The Vietnamese presence in Mississippi is a relatively new phenomenon, dating to the late 1970s and early 1980s. Unlike most ethnic groups that settled in the state, the Vietnamese came as refugees from a war-torn country. Many fled in haste by boat with little money and few possessions. The harrowing voyage at sea included pirate raids, storms, and mechanical failures, and while an estimated four hundred thousand Vietnamese refugees reached to the United States, an equal number may have died at sea.
According to the 2010 census, Mississippi’s 5,387 Vietnamese Americans (0.2 percent of the population) comprised the state’s third-largest community of foreign-born residents, trailing only Mexican Americans and German Americans. People of Vietnamese heritage live throughout the state but are concentrated in metropolitan areas and especially in Jackson, Harrison, and Hancock Counties along the coast. More than half of the state’s Vietnamese population resides in Harrison County, while Jackson has the second-largest Vietnamese population, and the Hattiesburg area ranks third. Most of Mississippi’s Vietnamese people come from families that left Hai Phong in North Vietnam after the communist takeover in 1954. They migrated to Mississippi via South Vietnamese coastal cities such as Vung Tau, Phouc Tinh, Phan Thiet, Rach Gia, and Phu Quoc Island, attracted by Mississippi’s warm climate and the opportunities offered by the seafood industry.
A number of religious organizations were instrumental in sponsoring resettled refugees. An overwhelming majority of the Vietnamese who arrived were Catholic, and the Catholic Diocese of Biloxi worked through the Catholic Social Services Migration and Refugee Center to help clients find jobs, receive medical assistance, and learn English. The diocese established a Vietnamese Apostolate, including bringing in a Vietnamese priest, himself a refugee, to serve this new community. More recently, the Church of the Vietnamese Martyrs and the Van Duc Buddhist Temple have been established to serve the community’s spiritual needs.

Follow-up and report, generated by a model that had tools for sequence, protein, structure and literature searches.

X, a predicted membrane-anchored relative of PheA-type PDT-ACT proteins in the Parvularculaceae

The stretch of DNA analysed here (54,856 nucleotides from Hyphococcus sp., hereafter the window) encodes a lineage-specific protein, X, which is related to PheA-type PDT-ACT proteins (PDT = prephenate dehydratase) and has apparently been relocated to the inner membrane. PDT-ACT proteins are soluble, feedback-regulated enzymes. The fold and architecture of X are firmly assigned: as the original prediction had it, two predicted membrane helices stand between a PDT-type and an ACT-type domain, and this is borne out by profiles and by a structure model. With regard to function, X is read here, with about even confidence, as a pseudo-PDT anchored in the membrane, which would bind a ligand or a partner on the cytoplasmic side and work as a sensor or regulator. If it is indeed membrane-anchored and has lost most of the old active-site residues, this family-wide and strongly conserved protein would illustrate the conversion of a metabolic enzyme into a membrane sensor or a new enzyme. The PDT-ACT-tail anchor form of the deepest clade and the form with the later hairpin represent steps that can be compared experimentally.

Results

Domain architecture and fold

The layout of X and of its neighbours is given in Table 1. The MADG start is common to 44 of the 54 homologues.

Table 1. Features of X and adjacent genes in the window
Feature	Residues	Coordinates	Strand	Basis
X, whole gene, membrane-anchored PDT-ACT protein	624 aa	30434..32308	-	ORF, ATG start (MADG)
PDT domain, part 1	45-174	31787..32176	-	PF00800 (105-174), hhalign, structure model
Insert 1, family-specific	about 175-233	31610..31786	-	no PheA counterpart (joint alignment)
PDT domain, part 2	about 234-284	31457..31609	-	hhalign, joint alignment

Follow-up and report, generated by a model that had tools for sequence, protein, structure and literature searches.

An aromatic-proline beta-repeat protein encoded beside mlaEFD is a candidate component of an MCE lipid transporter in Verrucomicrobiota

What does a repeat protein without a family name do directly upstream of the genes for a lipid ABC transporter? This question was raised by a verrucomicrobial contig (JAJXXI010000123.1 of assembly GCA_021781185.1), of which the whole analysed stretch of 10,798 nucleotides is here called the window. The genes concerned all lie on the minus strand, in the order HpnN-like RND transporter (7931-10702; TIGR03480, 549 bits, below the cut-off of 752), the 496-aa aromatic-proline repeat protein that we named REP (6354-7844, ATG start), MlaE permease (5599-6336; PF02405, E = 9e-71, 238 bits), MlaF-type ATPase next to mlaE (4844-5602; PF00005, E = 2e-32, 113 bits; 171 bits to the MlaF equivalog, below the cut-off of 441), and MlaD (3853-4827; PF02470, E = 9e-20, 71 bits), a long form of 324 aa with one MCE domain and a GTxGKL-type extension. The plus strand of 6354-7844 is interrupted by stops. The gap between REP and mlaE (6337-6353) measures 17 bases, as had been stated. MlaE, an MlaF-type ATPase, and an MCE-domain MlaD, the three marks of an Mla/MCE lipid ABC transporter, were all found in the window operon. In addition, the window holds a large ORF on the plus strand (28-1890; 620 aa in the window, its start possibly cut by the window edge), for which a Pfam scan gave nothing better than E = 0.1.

Vietnamese came to Mississippi largely in response to the demands of the seafood industry. In 1977 Richard Gollott of Golden Gulf Coast Packing needed laborers to shuck oysters at his plant. After hearing that Vietnamese were working in New Orleans, he shuttled laborers back and forth for a week before persuading a family to move to Biloxi to work for him full time. Others soon followed. Gollott and many others credit these early Vietnamese workers with resuscitating Mississippi’s seafood industry. They did not need strong English skills to work in the plants or on the boats. They labored for long hours, saved money to build and operate their own boats, and moved to neighborhoods such as East Biloxi’s Point Cadet and Back Bay, where access to the water was easy and housing was affordable.